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Math Help - Fermat's Little Theorem

  1. #1
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    Fermat's Little Theorem

    I am having trouble knowing where to start to use Fermat's Little Theorem to find the least residue of 5^10 (mod 11). Could you please offer some guidance? Thanks.
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    Super Member craig's Avatar
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    Fermat's Little Theorem states that:

    a^p = a (mod p) where p is a prime number.

    Dividing both sides by a, we get:

    a^{p-1} = 1 (mod p)

    Compare this to your question, what do you notice?
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    That worked out nicely for my first simple example. Thanks! But when I encounter a situation like 5^12(mod 11), I am back to square one. Or do I restate 5^12 as 5^10*5^2 (mod 11)? Would this be congruent to 25 * 1(mod 11)?
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    Oops--duh--5^10 * 5^2 (mod 11) == 5^2 * 1(mod 11) == 3(mod 11). Right?
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    Super Member Bacterius's Avatar
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    Hello, you want to solve this for x :
    5^{12} \equiv x \pmod{11}

    By Fermat's Little Theorem, we are left with 5^2 \equiv x \pmod{11}. Now, 5^2 = 25, and 25 \equiv 3 \pmod{11}, so 5^{12} \equiv 3 \pmod{11}.

    Basically, you want to simplify the difficult calculation 5^{12} until the remaining operations can be done mentally or easily on a calculator. It is up to you to decide whether 5^2 can be calculated manually.
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    Super Member craig's Avatar
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    Quote Originally Posted by tarheelborn View Post
    That worked out nicely for my first simple example. Thanks! But when I encounter a situation like 5^12(mod 11), I am back to square one. Or do I restate 5^12 as 5^10*5^2 (mod 11)? Would this be congruent to 25 * 1(mod 11)?
    Yes basically what Bacterius said. You need to simplify as much as possible and then work from there.

    Remember though that Fermat's little Theorem only works if p is a prime number.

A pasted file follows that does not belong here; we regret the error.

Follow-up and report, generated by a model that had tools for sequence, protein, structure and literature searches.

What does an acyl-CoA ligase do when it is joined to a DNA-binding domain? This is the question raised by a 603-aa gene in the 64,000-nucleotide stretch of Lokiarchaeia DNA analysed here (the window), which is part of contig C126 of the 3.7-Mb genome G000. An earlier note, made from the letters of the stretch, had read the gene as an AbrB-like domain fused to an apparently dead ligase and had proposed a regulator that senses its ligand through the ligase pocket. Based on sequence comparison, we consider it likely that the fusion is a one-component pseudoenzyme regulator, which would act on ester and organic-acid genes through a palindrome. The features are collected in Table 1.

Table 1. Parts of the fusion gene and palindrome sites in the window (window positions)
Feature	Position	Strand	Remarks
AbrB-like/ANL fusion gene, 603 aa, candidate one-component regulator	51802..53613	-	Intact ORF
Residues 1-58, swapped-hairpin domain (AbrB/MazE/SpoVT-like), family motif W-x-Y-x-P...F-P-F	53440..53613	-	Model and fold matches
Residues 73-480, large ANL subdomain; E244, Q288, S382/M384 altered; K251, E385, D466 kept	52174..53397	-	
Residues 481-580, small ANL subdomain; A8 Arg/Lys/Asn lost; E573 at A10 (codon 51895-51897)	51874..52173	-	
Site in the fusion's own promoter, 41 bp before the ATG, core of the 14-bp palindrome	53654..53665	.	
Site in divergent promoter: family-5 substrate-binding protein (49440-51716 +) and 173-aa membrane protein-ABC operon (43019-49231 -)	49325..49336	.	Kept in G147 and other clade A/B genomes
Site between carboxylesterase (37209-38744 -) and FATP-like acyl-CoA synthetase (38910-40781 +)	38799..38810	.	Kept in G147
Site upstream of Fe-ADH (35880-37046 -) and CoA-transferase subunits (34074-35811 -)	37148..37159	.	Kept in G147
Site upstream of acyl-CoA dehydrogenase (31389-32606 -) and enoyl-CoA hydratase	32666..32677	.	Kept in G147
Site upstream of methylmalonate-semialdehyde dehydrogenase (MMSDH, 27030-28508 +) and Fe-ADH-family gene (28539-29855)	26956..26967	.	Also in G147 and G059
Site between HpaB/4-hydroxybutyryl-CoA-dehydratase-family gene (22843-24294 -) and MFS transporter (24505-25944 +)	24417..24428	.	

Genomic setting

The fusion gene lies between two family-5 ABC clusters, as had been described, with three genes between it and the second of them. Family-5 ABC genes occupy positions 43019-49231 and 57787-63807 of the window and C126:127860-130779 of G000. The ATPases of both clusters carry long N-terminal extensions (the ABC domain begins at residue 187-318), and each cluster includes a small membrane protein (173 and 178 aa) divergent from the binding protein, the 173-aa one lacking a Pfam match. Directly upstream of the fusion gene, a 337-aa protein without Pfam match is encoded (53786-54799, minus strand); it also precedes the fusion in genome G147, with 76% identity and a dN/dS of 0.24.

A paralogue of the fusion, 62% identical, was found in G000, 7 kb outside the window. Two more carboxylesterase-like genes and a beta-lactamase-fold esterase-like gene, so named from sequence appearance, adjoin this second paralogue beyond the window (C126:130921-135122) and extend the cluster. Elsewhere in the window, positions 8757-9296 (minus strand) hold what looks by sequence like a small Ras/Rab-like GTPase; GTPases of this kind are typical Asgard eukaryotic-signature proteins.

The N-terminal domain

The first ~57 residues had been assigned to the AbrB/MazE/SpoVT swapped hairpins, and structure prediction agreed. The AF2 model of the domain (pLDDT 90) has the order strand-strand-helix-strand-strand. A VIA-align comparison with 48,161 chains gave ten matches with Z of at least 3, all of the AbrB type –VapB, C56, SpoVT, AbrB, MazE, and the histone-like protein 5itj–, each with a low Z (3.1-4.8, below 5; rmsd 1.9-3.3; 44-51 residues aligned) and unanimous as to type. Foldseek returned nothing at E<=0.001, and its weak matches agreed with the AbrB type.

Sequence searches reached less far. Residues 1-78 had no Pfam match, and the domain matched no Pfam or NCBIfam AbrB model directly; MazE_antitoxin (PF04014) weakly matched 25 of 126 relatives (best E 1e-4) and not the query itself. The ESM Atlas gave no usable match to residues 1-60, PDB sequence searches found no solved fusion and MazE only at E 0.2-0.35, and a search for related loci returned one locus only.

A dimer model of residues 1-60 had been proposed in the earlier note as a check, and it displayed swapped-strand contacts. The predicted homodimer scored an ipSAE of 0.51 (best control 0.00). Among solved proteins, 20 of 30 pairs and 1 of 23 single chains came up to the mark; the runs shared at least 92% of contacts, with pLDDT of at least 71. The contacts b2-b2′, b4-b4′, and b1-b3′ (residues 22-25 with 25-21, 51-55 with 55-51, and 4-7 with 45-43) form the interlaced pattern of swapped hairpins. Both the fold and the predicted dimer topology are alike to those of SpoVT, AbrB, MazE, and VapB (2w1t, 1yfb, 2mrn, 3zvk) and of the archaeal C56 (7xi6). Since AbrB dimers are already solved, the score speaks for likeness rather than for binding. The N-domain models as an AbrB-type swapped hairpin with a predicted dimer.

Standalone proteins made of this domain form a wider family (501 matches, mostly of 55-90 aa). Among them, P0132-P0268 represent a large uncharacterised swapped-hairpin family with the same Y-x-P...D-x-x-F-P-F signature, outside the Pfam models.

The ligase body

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  7. #7
    Super Member Bacterius's Avatar
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    Remember though that Fermat's little Theorem only works if p is a prime number.
    Note that Fermat's Little Theorem is simply one particular case of Euler's Theorem :

    a^{\varphi{(m)}} \equiv 1 \pmod{m} iff gcd(a, m) = 1. \varphi{(m)} is the Euler totient function, that is, the quantity of numbers that are coprime with m. Coincidentally, if m is prime, then \varphi{(m)} = m - 1
    Last edited by Bacterius; February 24th 2010 at 07:39 PM.
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    MHF Contributor Drexel28's Avatar
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    Quote Originally Posted by Bacterius View Post
    Ironically, if m is prime, then \varphi{(m)} = m - 1
    I don't think "ironically" is the correct word here. It is coincidental that this is the case.
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  9. #9
    Super Member Bacterius's Avatar
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    Effectively, just looked it up on the dictionary
    It's quite hard to find the words sometimes ...
    Forgive my english
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  10. #10
    MHF Contributor Drexel28's Avatar
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    Quote Originally Posted by Bacterius View Post
    Effectively, just looked it up on the dictionary
    It's quite hard to find the words sometimes ...
    Forgive my english
    Don't be sorry! You're a very contributive member on MHF! You didn't say anything wrong...it was just a note
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    Super Member Bacterius's Avatar
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